Study Reveals Flaws in Hospital Data on Cannabis-Related Health Issues

By Thailand THC

thailandTHC > News > Study Reveals Flaws in Hospital Data on Cannabis-Related Health Issues

Last updated on June 24th, 2024 at 11:14 am

  • Driving The News: A study revealed that only 36% of patients reported with cannabis-related health issues were actually tested for cannabis, highlighting significant diagnostic inaccuracies.
  • Why It Matters: Accurate diagnosis and data collection are crucial for understanding the true impact of cannabis use on public health.
  • The Big Picture: The findings call for improved diagnostic standards and education to ensure reliable reporting of cannabis-related health issues.

KALASIN, THAILAND – A recent study conducted by JUTAMAS PHOONIRAP and her team has highlighted significant inaccuracies in the reporting of cannabis-related health issues in hospitals across Kalasin province. The study, part of a doctoral thesis, collected data from all hospitals in the province during the 2023 fiscal year, revealing that only 36% of the patients reported with cannabis-related complications were actually tested for cannabis.

Out of 172 patients claiming to have health issues from cannabis use, only 25 were confirmed through testing, representing just 40.3% of those tested. This indicates a high rate of diagnostic errors, as 60% of the cases did not show cannabis presence despite being diagnosed with cannabis-related issues. Furthermore, some patients who use more severe drugs like methamphetamine may falsely claim cannabis use to avoid legal repercussions, contributing to the diagnostic inaccuracies.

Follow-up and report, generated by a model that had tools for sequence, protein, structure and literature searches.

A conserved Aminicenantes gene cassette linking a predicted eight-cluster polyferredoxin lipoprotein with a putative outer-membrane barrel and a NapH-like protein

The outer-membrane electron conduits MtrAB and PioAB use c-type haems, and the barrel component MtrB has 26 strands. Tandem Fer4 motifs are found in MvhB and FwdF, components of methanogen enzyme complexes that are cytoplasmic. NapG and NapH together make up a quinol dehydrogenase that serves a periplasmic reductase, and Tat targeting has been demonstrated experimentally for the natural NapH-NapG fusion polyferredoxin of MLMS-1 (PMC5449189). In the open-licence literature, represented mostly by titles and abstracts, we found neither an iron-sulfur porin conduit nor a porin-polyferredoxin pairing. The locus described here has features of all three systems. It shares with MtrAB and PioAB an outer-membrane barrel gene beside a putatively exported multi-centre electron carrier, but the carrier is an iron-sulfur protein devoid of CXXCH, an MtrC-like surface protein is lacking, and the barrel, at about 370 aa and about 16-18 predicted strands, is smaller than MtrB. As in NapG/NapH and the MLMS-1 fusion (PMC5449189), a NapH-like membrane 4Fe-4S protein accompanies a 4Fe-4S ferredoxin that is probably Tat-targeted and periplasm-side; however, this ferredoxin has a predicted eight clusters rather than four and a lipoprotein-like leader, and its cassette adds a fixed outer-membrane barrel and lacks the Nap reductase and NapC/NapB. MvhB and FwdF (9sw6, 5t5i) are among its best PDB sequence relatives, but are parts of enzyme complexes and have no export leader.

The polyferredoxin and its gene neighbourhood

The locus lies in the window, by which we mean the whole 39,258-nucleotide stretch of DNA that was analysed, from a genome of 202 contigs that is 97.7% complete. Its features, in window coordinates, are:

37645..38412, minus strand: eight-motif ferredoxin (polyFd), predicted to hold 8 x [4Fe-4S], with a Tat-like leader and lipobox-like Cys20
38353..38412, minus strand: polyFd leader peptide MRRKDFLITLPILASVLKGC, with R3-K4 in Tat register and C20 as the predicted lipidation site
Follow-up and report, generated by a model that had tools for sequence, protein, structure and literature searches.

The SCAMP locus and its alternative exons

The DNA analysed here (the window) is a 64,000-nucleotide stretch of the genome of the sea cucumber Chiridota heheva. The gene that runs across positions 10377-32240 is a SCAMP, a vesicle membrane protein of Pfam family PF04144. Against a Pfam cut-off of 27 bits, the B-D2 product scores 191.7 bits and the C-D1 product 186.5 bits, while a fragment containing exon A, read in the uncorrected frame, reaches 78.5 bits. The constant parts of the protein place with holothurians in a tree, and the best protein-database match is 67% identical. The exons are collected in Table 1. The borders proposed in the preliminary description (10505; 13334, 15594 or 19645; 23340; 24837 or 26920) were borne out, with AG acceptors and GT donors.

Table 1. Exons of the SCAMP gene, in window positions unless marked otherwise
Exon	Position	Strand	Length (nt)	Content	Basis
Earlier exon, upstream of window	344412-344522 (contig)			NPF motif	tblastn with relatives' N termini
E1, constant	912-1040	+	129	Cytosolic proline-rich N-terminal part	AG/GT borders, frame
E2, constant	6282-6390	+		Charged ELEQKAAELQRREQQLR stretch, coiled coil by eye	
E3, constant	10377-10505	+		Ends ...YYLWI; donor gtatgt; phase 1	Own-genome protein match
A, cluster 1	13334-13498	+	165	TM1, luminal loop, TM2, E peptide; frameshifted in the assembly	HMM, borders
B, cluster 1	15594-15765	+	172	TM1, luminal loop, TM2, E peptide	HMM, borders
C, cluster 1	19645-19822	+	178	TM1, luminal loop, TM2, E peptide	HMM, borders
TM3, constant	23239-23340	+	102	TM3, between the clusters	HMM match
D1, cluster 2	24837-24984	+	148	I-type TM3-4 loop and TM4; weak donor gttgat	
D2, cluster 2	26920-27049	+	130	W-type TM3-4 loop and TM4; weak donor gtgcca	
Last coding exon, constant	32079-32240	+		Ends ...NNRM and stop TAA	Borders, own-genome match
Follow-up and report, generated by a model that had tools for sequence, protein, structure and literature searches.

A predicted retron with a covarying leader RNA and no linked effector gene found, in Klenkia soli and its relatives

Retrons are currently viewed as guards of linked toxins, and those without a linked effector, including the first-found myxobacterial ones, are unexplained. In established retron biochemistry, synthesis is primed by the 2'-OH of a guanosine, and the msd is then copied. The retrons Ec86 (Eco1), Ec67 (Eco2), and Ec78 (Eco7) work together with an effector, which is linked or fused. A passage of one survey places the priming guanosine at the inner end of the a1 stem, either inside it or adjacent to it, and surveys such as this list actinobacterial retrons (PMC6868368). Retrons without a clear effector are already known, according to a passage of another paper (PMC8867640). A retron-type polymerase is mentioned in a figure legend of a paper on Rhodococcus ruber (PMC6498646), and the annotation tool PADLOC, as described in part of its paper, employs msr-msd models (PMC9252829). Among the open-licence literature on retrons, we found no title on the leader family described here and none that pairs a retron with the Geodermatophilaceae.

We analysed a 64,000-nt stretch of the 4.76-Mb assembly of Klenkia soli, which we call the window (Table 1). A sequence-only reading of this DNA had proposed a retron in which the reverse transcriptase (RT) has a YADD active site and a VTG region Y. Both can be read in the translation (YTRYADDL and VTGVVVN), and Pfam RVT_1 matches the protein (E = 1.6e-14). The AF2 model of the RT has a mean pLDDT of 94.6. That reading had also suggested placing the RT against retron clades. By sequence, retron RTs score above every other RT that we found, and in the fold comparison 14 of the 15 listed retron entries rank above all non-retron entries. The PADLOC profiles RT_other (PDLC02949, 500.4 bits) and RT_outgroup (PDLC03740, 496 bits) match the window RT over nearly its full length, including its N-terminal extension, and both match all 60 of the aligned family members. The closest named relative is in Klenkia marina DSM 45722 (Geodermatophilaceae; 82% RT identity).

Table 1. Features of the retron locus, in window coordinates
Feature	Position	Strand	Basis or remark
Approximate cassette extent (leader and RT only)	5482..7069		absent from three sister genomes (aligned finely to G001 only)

The study found that the detection of cannabis in the body does not necessarily correlate with the symptoms presented, as cannabis can remain in the system for weeks. Hospitals with the highest rates of testing included Hospital A with 17 tests (0% positive), Hospital B with 15 tests (40% positive), and Hospital C with 7 tests (57% positive). These discrepancies underscore the need for standardized diagnostic criteria.

Other findings revealed that psychiatric symptoms often attributed to cannabis might actually result from other substances or mental health conditions. The study also noted that 75% of the patients were discharged on the same day, indicating that their conditions were not severe enough to require extended hospitalization.

To address these issues, the study recommends the development of standardized diagnostic and reporting systems for cannabis-related health issues. Training for healthcare professionals on proper diagnostic techniques and patient education on safe cannabis use is also suggested. Implementing these measures could significantly improve the accuracy of health data related to cannabis use and ensure better public health outcomes.

Contributing Sources: Thai Post